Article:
What do you enjoy about shooting live music? 
It's like the show is for me. I'm watching through my camera and it's a more intense experience a lot of the time cause I can really focus on what is grabbing my attention and really hone in on it. I can only take great pictures of live musicians I am in tune with because then I'm in it and I know what's happening and I'm in the groove, I'm part of the whole moving animal that is the live show and that's when I know I can capture it before it's about to happen...I'm ready. The fact that anything can happen at any time and it's out of my control completely. It's a living beast and it's out of even the others control, the whole room, the whole thing, the whole audience, everyone is partaking in what's about to happen and will fundamentally decide what my image will be. 

How did you develop your own personal style of portraiture?
Over the years, I've found things that work for me. Empathy is important to me, emotion, and people. I want to show or expose any level of realness. Something real, there has to be emotion for me. That's what I look for in other peoples images and it's what draws me in and it's what makes me click my camera when I view it.  

So you stop and reevaluate what's in front of you based off of emotion? 
Yes, it's number one…it's right up there. If there's no emotion then there's no image. 

What tips could you give about planning a photo shoot? 
You're an idiot if you don't plan. You'll get lost (you can get lucky) but timing is everything. 
It depends on the scenario, but if you have the luxury to plan, get everyone you know around you who is talented, who can help you and bring good energy to the shoot. Make it a good time and make a creatively good team. 

Can you give us any insight on your editing process? What are you looking for when you make a selection of your own images? 
I'm way more brutal in picking my own images than anybody else's, always have been. I always know when it works and when it doesn't. Even when I'm taking it, normally I'm aware. I know which ones are it before I even go through the editing process. Just be honest with yourself and just know when you've got a good shot. I think all good photographers know when they've got a good shot. Just do an A and B list, forget C and D (laughs). Just trust in yourself and know your good shots because they're the right ones.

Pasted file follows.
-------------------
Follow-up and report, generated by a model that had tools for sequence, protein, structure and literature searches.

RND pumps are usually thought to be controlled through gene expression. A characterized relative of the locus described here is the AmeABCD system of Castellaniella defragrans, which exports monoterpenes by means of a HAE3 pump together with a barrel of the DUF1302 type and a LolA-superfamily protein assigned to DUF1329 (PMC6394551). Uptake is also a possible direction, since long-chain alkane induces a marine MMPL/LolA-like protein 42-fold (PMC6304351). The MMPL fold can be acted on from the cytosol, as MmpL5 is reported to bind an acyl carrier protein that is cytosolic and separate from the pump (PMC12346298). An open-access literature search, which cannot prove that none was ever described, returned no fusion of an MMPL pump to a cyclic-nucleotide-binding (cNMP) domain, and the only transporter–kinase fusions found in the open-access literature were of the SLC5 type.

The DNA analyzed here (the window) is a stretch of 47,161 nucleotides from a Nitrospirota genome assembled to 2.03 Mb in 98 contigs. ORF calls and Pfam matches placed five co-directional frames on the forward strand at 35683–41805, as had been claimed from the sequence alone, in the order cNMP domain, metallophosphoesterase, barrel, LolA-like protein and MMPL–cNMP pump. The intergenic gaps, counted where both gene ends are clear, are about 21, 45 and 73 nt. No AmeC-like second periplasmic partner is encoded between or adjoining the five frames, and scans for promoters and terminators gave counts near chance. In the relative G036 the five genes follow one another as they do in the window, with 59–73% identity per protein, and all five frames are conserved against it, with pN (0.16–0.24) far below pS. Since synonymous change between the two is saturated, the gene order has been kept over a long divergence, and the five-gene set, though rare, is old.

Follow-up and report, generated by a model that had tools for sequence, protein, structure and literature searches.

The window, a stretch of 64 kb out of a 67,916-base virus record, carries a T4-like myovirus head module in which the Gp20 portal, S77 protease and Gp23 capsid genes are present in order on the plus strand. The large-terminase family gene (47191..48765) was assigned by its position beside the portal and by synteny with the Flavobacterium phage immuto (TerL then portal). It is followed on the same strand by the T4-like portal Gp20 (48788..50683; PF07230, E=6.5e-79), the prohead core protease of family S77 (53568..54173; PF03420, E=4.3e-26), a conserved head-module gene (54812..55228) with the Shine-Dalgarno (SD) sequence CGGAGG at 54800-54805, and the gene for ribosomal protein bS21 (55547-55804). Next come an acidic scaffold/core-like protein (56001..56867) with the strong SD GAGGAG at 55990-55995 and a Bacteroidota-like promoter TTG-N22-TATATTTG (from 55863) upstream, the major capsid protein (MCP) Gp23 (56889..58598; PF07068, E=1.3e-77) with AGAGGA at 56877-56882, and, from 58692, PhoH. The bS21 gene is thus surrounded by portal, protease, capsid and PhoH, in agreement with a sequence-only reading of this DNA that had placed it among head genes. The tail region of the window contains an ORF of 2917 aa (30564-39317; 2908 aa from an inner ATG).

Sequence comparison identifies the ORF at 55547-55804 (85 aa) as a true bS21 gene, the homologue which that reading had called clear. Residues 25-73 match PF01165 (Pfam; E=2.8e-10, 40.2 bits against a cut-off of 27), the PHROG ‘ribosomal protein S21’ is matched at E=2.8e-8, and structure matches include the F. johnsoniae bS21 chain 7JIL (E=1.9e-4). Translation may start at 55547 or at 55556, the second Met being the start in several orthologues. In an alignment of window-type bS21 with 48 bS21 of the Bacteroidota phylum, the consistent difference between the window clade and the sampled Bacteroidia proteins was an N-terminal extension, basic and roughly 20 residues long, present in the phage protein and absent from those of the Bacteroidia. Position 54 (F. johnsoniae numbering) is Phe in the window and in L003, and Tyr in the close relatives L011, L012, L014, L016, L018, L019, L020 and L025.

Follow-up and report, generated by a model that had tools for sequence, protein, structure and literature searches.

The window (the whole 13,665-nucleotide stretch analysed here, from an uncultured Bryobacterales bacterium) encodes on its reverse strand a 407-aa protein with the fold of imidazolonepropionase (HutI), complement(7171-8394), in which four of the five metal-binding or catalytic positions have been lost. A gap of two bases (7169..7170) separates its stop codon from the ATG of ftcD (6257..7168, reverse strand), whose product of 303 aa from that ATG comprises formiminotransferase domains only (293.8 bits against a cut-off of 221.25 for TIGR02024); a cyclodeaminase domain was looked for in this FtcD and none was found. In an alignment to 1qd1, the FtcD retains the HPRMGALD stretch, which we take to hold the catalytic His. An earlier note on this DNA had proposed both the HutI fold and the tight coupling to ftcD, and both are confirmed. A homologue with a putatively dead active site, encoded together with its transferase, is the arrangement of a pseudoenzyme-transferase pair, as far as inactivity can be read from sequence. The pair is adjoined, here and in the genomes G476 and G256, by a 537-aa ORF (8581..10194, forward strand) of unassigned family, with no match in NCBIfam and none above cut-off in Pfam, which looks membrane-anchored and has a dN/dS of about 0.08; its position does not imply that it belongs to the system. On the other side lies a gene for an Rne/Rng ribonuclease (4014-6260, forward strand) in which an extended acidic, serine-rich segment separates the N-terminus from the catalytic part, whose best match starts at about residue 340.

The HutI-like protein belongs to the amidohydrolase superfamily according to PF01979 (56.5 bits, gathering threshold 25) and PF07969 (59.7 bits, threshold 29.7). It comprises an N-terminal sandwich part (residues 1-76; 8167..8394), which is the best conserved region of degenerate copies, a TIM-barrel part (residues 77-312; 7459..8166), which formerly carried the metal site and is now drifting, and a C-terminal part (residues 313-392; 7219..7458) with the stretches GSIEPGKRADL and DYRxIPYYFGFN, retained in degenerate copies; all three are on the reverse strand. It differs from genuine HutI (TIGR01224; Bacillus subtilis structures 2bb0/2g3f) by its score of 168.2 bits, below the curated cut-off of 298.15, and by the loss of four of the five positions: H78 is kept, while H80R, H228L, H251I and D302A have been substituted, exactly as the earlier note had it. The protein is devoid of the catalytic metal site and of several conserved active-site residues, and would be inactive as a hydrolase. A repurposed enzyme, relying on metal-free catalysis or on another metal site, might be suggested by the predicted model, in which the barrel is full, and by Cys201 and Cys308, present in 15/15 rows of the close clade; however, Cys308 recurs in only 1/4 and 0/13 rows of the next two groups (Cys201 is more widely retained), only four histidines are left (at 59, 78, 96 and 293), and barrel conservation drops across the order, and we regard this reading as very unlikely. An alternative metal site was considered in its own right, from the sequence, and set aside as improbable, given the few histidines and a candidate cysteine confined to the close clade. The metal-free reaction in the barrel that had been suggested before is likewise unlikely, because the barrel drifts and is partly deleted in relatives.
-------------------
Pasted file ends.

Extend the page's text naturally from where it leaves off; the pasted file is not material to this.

How did you get started with video and why do you think it's important for a photographer to know how to do video? 
It's the nature of the beast nowadays and I've always loved video. In fact, my dream was always to go to film school because I love documentaries and I love movies. Film is really my true, true love. Documentaries mostly and I know more about documentary film making probably than I do about photography. 

What was one of your first video projects? 
I did a video for a band in Britain called The Duke Spirit. They asked me to do a Super 8 video for them and it was the first time I was commissioned to do something on film. 

What kind of photography would you be doing if it wasn't music related? 
I think as I get older it's less and less music, in fact. I'm about to go to L.A. over the weekend to go see a show by a lady called Vivian Maier. She's no longer alive but in the '30s and '40s she did amazing street photography in New York and Chicago. She was a nanny her whole life, I'm sure you've probably heard of her. I love live photography and I love musicians but there's this whole other side of me which is all about kind of documentary street photography that really I find so fascinating and I look forward to getting into. My joy comes out of just stumbling across some mishap of beauty out there and capturing that moment.

Friday, December 13, 2013


The Selvedge Yard has some really great photographs to look through…I'll throw a few down below as teasers to get you psyched on it. 

Monday, December 9, 2013


I was given this book last year (I believe) and I wanted to share it with you because it's got some of the most interesting and curious portraits I've ever seen within its pages. It's called Crooks Like Us and it contains a glimpse into Sydney, Australia during the early 20th century featuring documented criminals of all calibers. The dialogue contained in these pages is equally great and if you're looking for some inspiration for your own work or just an interesting read, I'd suggest picking this one up or asking Santa to style you with it on Christmas morning. 

"In fact, little is known about any of the people whose photographs appear in this book - who they were, where they came from or where they went. We know even less about the police who took the photographs or, indeed, why they took them. What we do know is that sometime around 1910 Sydney police began making informal mug shots of some of the people who passed through Central and other inner-city police stations. Only a small number of the tens of thousands of housebreakers, thugs, gunmen, shoplifters, thieves, prostitutes, drug addicts, perverts, pickpockets, brawlers, derelicts, hooligans, confidence men, confidence women and confidence children arrested were ever photographed. But by 1930 there were more than 2000 of these portraits.